Harmonic patterns in the currency markets

David Humphrey's picture
Authored by David Humphrey
Posted Thursday, December 6, 2018 - 5:34am

Harmonic trading focuses on price patterns to help traders enter and close trades. Harmonic price patterns make the use of geometric price patterns. They nevertheless make the process much more detailed since they utilize Fibonacci numbers. This results in accurate turning points. The goal of harmonic trading is to preempt future market movements. Traders who are able to forecast the trends of prices are at a much better position when it comes to profitability. But how exactly do harmonic price patterns help traders in the currency market? We will take a look at some common patterns as well as the methods used in determining prices in the market.

The blending of Fibonacci numbers and geometry

For harmonic patterns to be useful, a combination of geometry and Fibonacci numbers is necessary. Basically, Fibonacci numbers bring some order into the otherwise disorderly geometry.

This is because Fibonacci numbers have patterns that are traceable. The primary Fibonacci ratio and its derivatives are used to predict different future market movements when combined with chart geometry. While this method of price determination is great, it also comes with some issues. First, harmonic patterns might not be the only patterns observed in a particular chart.

The different waves that are observed can thus be confusing when traders are not skilled at focusing on the bigger picture. Other than that, patterns can also fail whenever a trader takes a position in the reversal area.

Trading With Harmonic Visual Patterns

Despite the few issues though, harmonic patterns are some of the most consistent in any given map and traders can use them effectively to gain profit. But first, the trader must be acquainted with the patterns. Here are the main visual harmonic patterns as well as how to trade them. We will look at each independently.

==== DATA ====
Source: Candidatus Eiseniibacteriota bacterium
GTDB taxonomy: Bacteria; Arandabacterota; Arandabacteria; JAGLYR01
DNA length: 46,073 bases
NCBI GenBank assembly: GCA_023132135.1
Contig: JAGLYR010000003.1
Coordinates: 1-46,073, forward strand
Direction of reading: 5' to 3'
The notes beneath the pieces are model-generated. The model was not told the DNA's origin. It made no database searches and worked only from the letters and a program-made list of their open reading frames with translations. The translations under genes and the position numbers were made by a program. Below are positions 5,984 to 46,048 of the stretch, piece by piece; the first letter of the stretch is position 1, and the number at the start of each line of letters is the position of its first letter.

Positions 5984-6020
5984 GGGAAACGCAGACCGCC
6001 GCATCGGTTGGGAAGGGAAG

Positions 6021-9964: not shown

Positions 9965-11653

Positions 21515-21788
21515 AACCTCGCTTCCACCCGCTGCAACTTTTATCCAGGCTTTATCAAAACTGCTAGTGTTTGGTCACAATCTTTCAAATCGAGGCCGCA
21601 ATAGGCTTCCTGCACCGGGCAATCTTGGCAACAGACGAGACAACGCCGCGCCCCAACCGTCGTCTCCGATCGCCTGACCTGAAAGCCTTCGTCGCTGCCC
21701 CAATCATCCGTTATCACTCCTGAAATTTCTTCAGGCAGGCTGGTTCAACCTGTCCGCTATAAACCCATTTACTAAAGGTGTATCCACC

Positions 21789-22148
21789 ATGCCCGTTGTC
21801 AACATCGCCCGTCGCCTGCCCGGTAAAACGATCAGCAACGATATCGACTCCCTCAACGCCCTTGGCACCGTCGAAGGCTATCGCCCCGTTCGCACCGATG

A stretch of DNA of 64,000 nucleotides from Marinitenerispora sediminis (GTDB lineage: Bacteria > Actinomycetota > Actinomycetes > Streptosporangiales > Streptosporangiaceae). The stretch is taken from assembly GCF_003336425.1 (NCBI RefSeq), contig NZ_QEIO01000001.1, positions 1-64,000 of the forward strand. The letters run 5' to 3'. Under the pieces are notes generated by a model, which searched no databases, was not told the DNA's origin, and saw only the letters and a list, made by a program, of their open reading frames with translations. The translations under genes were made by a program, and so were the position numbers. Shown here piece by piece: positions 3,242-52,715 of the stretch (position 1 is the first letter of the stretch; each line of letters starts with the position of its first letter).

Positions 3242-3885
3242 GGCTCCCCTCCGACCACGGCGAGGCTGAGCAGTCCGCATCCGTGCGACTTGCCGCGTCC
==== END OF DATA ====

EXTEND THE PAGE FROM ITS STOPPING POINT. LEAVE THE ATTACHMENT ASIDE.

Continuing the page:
1. The Gartley

The Gartley pattern is set in the context of a broader trend. This pattern takes the premise that corrective waves will ultimately correct an early onset of an established pattern. If the early pattern is bullish, for instance, a corrective wave will be observed culminating in the potential reverse zone. This zone is where long positions are likely to result in a positive trading session. On the flipside, the bearish pattern would also be observed to have the reversal in this area. Traders, therefore, use the Gartley when looking for positions of entry and exit.

2. The Butterfly

The Butterfly focuses on short trades. This pattern takes the premise that a pattern will be established whenever the retracement level has been reached by a wave. The wave could either be an up or down wave. For the upward looking wave, the market is bearish and a Fibonacci ratio could indicate the point in which to enter the market. Since this pattern is mostly used for the short trades, traders have the best chances of profitability when using tools like the stop loss.

3. The Bat

In many ways, the Bat looks like the Gartley. Besides from looking similar though, the ratios that accompany this pattern are different from the other patterns. It is possible to make long trades with the Bat because the retracement levels are easily identified with a change in the wave. The confirmation of a trend is often marked by the change in the direction of the wave. An up wave will thus move down in a bullish market while the opposite is true for the bearish market. Just like with the Butterfly, the use of a stop loss will result in better yields for traders.

4. The Crab

The Crab is arguably one of the most accurate patterns in the trading market. This pattern provides clear reversals and it works perfectly with Fibonacci numbers. Characterized by pullbacks, the Crab pattern records very specific retracement levels. The trader can, therefore, take long trades far more confidently and also deploy the stop loss with ease.

To Sum Up

Traders who prefer pragmatic and mathematical trading always find harmonic trading to be the best option. The method is quite specific and this makes it predictable in most markets. In order to use harmonics properly though, a trader needs to practice a lot and to study harmonic patterns extensively. Doing this can help them avoid mishaps when it comes to pattern identification.